I know. It sounds silly. It is silly. Especially if you consider that I’m using Koigu with size 1 needles. But really, I’ve been thinking about this almost since the first day I got these bluetooth earbuds. I tend to “glow” during these warmer days, the silicone flat cord sticks to the back of my neck and get stuck. Sometimes sticky enough that one of the earbuds pull out when I turn my head too quickly. Hence the cozy.
Knitted 5 stitch i-cord around the flat cord with leftover Koigu on #1 needles.
As I’ve mentioned before, I have been riding my bicycle for my work commute. I don’t use bike gloves since the ones I have used before didn’t really do much in terms of keeping my hands warm. They were more for padding than anything else. But that was over 10 years ago. I don’t know how things have changed since then.
However, I have been using my handspun fingerless gloves. They work well unless it is really cold or windy. Sometime in December, I lost them. I have no idea where they are. I guess I should check lost and found at work.
In the meantime, the other pair that I had made had also gone MIA. I have absolutely no idea how I could have lost 2 pairs of fingerless mitts when I need them the most.
For now, I am wearing a pair ofÂ wind block fleece gloves. They are actually working quite well, but there are times when it’s too mild for them. Besides, I miss my fingertips. I use my fingertips to adjust zippers, hats/ear warmers, earbuds and control my phone (volume and playback). To do that with the fleece gloves, I have to pull over to the side, take the glove off, do what needs to be done, and pull it back on before continuing on my merry way. The gloves are just too bulky.
So, I decided to knit another pair for bicycling. These will be dedicated biking mitts so I took a hard look at what worked well and what could be improved with the pair I lost. Then I winged the rest, designing as I went.
This time around, I didn’t assume that I will remember from one mitt to the other and took copious notes. Not only that, I took notes on something other than the back of an envelope that might accidentally be tossed into the recycling bin.
Wish me luck on the second mitt!
Lots and lots of stockinette stitch on itty bitty needles. Zephyr with US #0 (2mm).
This sweater was finished back in early July but sat around waiting for me to sew on the buttons. Yeah. It’s been that crazy around here.
I adapted the Little Hearts baby sweater with my own chart of little red hippo faces *. Why? This is for the baby of my teammate who named our work project RedHyppo (internal acryonym variant) so I thought it would be appropriate to have a red hippo theme baby item. (Partial red hippo is also in progress — still needs stuffing.)
Project finally “launched” last week, hence the frenzy of blog posts and FOs around here. But we are knee deep in the mop up so things here might slow again.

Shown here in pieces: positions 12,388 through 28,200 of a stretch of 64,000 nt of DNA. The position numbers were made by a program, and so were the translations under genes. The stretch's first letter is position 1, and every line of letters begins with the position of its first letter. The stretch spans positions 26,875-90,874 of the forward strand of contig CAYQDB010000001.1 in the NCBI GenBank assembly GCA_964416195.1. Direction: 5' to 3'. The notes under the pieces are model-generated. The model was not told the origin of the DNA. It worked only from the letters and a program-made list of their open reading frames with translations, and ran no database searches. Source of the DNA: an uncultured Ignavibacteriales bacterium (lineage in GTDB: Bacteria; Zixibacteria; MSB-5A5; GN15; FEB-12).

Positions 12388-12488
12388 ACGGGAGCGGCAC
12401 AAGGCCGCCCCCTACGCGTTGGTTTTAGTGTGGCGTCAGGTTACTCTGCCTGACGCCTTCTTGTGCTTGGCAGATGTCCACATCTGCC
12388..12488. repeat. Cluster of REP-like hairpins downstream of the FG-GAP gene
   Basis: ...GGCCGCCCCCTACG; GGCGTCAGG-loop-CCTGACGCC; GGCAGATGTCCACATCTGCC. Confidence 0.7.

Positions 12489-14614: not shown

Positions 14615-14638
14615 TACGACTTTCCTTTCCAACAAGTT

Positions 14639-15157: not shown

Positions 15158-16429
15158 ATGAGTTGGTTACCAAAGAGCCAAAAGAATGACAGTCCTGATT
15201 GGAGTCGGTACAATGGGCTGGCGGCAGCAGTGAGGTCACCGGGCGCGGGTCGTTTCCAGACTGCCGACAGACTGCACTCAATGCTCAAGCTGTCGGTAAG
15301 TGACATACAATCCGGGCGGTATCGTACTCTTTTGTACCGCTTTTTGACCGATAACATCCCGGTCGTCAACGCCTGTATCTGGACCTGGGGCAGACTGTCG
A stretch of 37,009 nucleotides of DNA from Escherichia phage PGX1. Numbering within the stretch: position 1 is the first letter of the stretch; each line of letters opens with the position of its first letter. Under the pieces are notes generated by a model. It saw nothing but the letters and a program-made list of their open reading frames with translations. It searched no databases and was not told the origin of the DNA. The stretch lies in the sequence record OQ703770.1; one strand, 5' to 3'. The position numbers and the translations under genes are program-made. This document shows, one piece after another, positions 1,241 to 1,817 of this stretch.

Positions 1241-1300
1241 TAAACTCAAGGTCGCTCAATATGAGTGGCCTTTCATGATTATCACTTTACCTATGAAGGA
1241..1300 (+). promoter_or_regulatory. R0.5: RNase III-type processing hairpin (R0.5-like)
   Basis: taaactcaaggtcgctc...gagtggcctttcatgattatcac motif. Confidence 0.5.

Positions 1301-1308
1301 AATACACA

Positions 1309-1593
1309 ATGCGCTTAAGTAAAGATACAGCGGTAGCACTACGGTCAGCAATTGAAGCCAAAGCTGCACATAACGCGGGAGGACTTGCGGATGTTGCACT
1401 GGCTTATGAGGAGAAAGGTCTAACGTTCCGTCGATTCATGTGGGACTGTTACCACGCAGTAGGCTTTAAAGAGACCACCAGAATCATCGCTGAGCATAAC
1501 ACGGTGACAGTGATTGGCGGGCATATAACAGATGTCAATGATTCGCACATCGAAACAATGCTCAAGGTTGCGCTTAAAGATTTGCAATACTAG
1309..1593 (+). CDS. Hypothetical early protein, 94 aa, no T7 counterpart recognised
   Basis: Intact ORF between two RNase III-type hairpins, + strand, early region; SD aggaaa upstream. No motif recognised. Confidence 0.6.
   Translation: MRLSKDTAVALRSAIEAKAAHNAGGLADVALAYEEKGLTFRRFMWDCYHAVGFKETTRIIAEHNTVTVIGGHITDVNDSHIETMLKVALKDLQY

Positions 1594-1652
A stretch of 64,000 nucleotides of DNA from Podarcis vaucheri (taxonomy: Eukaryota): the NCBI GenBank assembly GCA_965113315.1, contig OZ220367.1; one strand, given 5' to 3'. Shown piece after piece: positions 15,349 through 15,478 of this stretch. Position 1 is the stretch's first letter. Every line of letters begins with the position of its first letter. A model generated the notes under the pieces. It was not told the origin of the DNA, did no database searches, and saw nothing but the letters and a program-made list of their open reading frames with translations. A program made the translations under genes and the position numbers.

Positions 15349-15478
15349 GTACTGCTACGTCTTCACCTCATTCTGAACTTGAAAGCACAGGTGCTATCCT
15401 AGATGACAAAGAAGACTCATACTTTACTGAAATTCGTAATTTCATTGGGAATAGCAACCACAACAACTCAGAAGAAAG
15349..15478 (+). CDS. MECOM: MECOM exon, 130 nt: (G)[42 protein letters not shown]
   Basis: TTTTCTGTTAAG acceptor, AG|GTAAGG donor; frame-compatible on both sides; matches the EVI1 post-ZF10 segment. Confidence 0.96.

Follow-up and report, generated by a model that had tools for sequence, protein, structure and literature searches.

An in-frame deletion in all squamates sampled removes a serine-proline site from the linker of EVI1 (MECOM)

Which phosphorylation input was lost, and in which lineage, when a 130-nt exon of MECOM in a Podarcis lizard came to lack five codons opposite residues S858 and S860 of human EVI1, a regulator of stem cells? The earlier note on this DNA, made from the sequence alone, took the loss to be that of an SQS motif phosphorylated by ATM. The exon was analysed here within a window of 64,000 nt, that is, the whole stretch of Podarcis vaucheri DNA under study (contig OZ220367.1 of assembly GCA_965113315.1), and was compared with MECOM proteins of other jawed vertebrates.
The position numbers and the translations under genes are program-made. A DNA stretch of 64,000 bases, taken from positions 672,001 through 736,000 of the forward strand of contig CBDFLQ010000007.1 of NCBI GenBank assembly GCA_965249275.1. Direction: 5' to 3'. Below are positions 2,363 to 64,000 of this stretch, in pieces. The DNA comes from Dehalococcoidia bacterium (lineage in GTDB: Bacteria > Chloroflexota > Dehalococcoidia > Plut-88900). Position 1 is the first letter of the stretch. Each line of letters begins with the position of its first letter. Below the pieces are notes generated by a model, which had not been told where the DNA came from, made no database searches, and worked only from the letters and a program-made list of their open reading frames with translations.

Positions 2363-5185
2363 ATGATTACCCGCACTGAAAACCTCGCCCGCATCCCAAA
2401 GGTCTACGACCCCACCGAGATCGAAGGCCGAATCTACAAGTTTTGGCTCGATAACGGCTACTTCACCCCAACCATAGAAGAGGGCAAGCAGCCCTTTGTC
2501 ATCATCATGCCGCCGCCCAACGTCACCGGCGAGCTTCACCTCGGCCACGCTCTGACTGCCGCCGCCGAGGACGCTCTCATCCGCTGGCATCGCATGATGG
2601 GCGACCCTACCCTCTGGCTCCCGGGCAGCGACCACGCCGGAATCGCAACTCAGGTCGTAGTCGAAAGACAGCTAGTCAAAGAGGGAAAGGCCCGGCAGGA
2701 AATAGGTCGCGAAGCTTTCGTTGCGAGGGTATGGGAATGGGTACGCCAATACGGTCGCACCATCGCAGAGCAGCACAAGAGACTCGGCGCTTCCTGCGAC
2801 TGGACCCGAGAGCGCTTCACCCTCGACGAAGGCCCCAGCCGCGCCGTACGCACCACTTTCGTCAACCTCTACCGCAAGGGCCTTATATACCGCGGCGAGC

* Hippo face chart is available on my Ravelry project page for this sweater.
Don’t you just love those stripes???? The stripes were in the dyed into the fiber. All I did was split it in half lengthwise and spun the yarn as a 2 ply. You can see the yarn in progress in my previous post, Miracle Fabric. Unfortunately, I ran out of yarn about one color repeat short. I had to finish it off with some Cascade 220 Superwash. It’s slightly denser than my handspun but it worked. Now, I just need to add buttons.
This was such a quick and fun knit. Much more fun than the first time around. Why? Minimal ends to weave in. Unfortunately, I didn’t take notes the first time around either. I zipped along on the sweater before I realized that I forgot to increase for the cuff fullness. Riiiiip.
To ensure I don’t make this mistake again, I decided to write out line by line instructions for myself. After a bit, I wanted stitch counts. So, I stopped once again and built a spreadsheet that calculated my line by line and my ending stitch count by row. Yes, I’m a geek. Anyway, I think it took me longer to build the spreadsheet than it did for me to knit the darn thing. It helped that I took the train into the city to have a tea and chat session with Penny.
- Yarn: Handspun and Cascade 220
- Needles: US #4 (3.5 mm) 32″ or 40″ circulars; these were perfect length to work all the way around with enough room to leave the side stitches on the needle while working the center back panel
A few knitting notes on this BSJ (so I don’t lose my notes and have to start all over again next time!):
- I used double decrease around a center knit stitch so the decreases match the increases.
- I used a 2 stitch I-Cord all around.
- I madeÂ 3 -Â 2 stitch buttonhole in the I-Cord edge. (3-2-8-2-8-2)
- At the bottom corners, I added a single (unattached) I-Cord stitch before and after the centered/corner stitch to make it a clean turn.
- At the neck corners, I added 2 (unattached) I-Cord stitch to ease the corner.
- I grafted the end of the I-Cord to the 2 cast on stitches at the beginning.